Thanks for the comment! And, no worries. Scott does start settling down. ;-) It just takes a bit, given how far he started behind the curve.
     
  4. Gibraltar

    Gibraltar Rear Admiral Rear Admiral

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    Yeah, as you’ve presented him, I almost wonder if Scotty doesn’t have a mild and undiagnosed form of Asperger’s Syndrome or autism? His reaction to new and unfamiliar situations (the dental exam foremost among them) would seem to indicate that he’s wired differently than most others.

    Continued excellence in your writing, making this character a joy to read about. :bolian:
     
  5. SLWatson

    SLWatson Captain Captain

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    First: That's a wicked awesome observation! Honestly, I'd never even considered that angle! I've written this more with psychology in mind, and that one hadn't crossed my mind, but it's a neat thought.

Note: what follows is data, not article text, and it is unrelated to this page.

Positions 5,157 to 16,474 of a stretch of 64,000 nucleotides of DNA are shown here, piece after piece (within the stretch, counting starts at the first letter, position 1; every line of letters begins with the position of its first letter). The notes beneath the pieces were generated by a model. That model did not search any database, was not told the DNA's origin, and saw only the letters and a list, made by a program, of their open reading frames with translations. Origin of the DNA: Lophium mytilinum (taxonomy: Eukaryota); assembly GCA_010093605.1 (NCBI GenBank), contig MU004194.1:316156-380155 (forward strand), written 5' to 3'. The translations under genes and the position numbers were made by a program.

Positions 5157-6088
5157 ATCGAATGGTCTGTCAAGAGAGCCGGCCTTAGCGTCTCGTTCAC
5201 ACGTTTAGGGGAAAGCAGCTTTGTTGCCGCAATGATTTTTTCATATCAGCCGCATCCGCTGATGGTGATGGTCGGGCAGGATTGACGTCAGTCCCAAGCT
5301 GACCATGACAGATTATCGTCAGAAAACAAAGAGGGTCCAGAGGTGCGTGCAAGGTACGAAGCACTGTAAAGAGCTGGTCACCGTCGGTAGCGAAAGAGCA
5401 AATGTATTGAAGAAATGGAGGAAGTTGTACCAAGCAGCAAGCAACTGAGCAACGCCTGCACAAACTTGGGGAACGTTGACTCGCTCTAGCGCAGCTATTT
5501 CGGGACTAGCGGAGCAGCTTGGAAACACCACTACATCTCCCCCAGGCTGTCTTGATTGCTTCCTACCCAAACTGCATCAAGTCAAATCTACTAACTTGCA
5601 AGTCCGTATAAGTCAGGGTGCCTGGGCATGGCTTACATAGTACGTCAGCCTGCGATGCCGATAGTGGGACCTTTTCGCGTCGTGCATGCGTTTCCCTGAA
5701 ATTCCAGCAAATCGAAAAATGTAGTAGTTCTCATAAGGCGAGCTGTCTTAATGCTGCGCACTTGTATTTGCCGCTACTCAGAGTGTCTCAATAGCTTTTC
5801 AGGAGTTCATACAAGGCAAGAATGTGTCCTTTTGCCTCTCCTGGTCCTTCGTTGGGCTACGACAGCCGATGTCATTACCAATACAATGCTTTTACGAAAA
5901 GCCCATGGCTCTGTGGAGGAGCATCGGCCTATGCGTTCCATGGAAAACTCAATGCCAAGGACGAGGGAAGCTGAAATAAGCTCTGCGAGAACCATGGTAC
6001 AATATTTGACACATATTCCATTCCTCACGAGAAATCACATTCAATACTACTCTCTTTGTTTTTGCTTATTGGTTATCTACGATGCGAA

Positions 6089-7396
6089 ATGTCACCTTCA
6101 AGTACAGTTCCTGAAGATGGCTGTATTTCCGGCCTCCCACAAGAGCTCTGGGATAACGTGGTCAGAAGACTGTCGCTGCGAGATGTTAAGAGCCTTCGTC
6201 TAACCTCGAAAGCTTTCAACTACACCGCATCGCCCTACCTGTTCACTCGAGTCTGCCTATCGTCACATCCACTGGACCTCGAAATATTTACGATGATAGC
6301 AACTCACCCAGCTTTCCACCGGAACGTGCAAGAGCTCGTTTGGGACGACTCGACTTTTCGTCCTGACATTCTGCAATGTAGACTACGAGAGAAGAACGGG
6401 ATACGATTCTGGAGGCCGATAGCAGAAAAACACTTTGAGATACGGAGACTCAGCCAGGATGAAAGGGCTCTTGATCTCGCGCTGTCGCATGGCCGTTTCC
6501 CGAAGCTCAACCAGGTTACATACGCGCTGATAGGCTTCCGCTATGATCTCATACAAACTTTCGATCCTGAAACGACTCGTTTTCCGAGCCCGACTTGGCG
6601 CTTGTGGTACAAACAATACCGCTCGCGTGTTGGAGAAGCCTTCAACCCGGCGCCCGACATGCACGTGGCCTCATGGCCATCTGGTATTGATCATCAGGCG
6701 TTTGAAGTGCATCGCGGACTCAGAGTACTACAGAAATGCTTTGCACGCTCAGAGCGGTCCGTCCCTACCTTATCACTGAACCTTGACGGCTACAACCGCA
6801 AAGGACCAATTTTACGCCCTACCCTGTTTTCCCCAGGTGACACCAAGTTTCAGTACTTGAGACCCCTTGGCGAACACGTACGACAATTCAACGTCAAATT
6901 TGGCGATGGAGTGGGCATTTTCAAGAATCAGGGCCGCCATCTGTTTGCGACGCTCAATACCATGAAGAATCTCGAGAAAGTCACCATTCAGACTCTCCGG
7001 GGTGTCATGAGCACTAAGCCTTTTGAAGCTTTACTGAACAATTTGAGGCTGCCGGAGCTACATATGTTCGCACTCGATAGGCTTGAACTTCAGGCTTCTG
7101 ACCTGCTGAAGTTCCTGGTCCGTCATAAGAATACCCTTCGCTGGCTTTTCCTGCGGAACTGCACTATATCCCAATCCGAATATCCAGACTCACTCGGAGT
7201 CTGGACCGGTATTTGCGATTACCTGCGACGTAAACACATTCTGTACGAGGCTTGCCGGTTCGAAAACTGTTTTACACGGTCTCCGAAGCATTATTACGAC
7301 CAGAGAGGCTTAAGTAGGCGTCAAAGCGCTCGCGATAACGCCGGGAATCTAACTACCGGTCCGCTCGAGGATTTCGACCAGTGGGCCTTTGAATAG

And now, a discourse on psychology! Time for me to ramble again. ;) Sorry.

    I dunno if I'd go so far as to say that he's even mildly autistic, if only because there's a lot more psychology to it than physiology. Think about it: It's already established by now that he was left to fend for himself quite a bit of the time. Neglected, really, though not to a degree where he didn't learn language or that sort of thing. But he definitely wasn't socialized terribly well -- the very first people that babies and children learn about interaction from are their parents and family members. And in order to really start reaching out into the world and not being afraid of things, you have to first have the certainty that you have support behind you and a stable home base to retreat to. Curiosity is innate in children, and he's no different, but if you're constantly wondering if the people who should be caring for you and protecting you are even home, it creates a messy tangle in the supposed-to-be-simple mind of a child.